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Air Force One Review

Movies.com Critics

2.0

Dave White Profile

Thou Shalt Not Ask Why Read full review

Other Critics provided by Metacritic.com

Critics scores range from 0 to 100, with higher scores indicating more favorable reviews.

  • 4.0
    61

    out of 100

    Metascore®
    Generally favorable reviews
    based on a weighted average of all
    critic review scores.

  • 100

    out of 100

    Entertainment Weekly Owen Gleiberman

    Harrison Ford as the President of the United States is such a perfect piece of casting that it's at once a fantasy and a joke: The joke is how perfect the fantasy is. [25 Jul 1997, p. 48]

  • 63

    out of 100

    ReelViews James Berardinelli

    Petersen ratchets the tension up to a level where the viewer is likely to forget the imbecilic plot contrivances that have gotten the situation to this point, and just enjoy the action and adventure.

    Read Full Review

  • 63

    out of 100

    Chicago Sun-Times Roger Ebert

    A fairly competent recycling of familiar ingredients, given an additional interest because of Harrison Ford's personal appeal.

    Read Full Review

  • 75

    out of 100

    USA Today Mike Clark

    Viscerally juicy....The movie is effectively cast. [25 July 1997, p.D2]

  • See all Air Force One reviews at Metacritic.com

For Families provided by Common Sense Media

OK for kids 13+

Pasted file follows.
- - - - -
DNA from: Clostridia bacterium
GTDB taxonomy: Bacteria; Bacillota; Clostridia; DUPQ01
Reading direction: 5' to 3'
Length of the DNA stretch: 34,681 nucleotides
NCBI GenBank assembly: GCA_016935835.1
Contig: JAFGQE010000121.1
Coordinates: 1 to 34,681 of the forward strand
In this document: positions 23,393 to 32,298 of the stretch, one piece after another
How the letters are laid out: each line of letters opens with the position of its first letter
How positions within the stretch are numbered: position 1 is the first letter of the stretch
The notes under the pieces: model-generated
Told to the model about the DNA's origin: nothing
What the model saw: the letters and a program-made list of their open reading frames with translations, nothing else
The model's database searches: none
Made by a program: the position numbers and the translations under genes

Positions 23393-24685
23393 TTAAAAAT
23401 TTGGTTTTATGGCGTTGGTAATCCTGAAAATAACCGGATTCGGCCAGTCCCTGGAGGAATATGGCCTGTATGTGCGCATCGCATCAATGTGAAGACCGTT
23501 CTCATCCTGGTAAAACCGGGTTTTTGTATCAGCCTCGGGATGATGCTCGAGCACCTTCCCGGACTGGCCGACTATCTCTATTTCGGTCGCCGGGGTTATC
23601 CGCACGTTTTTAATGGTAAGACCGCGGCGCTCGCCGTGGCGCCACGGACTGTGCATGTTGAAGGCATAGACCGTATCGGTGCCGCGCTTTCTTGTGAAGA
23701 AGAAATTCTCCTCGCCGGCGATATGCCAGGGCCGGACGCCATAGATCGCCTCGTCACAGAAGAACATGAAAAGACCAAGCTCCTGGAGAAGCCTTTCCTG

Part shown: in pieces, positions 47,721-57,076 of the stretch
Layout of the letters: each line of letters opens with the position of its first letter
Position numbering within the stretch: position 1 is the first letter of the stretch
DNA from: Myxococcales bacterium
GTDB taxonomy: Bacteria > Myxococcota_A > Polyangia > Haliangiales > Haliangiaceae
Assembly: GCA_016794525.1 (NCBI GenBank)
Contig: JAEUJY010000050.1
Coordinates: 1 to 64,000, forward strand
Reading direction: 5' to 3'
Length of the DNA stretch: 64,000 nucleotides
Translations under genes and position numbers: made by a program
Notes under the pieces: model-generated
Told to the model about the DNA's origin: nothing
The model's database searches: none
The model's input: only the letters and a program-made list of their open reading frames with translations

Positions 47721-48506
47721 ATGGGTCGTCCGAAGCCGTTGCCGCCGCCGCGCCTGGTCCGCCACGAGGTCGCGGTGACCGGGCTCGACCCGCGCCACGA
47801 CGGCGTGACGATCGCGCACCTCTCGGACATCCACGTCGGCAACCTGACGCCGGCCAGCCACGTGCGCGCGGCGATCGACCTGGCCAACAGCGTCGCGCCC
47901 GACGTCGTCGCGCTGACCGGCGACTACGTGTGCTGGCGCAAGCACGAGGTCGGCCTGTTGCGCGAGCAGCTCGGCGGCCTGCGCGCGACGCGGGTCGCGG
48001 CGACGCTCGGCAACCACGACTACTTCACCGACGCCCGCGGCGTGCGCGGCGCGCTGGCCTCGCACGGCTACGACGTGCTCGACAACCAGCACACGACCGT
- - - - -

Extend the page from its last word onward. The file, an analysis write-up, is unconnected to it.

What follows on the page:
Ford makes farfetched action-hero-prez electable.

What Parents Need to Know

Parents need to know that violence in the film includes close-range shootings of innocent hostages, and death threats to women and an adolescent girl. There is also scattered profanity, but in general the R-rating is pretty surprising; seems the MPAA has slapped PG-13s on nastier films than this.

  • Families can talk about the actions undertaken by President Marshall. Should a U.S. president perform lone-wolf heroics like that? You can educate kids about the post-Cold War time period. Going further back, cite presidents who were war heroes and whether that translated into good leadership or not (compare George Washington to Ulysses S. Grant, for example). What did kids think of all the Cabinet bickering about authority and command protocol while President Marshall was in jeopardy?

The good stuff
  • message true3

    Messages: They don't get much better than the hero, a strong dad, loving husband, concerned president (who actually dares to set ethical policy and write his own speeches over the heads of Washington hacks) and war hero who is also fearless and heroic. No, you never learn what party he represents, sorry. Secret Service agents are portrayed as courageous and self-sacrificing. A woman vice-president, whose authority and strength is questioned by both the villains and her own government, refuses to cave into pressure.

What to watch for
  • violence false3

    Violence: A lot of gunfire, hand-to-hand combat (resulting in broken necks), and bullet casualties. Airborne explosions and warcraft dogfighting.

  • sex false0

    Sex: Not applicable

  • language false3

    Language: The s-word a few times, the f-word once, and "son of a bitch."

  • consumerism false3

    Consumerism: Beverage labels, cable news channel names

  • drugsalcoholtobacco false3

    Drinking, drugs and smoking: Social drinking

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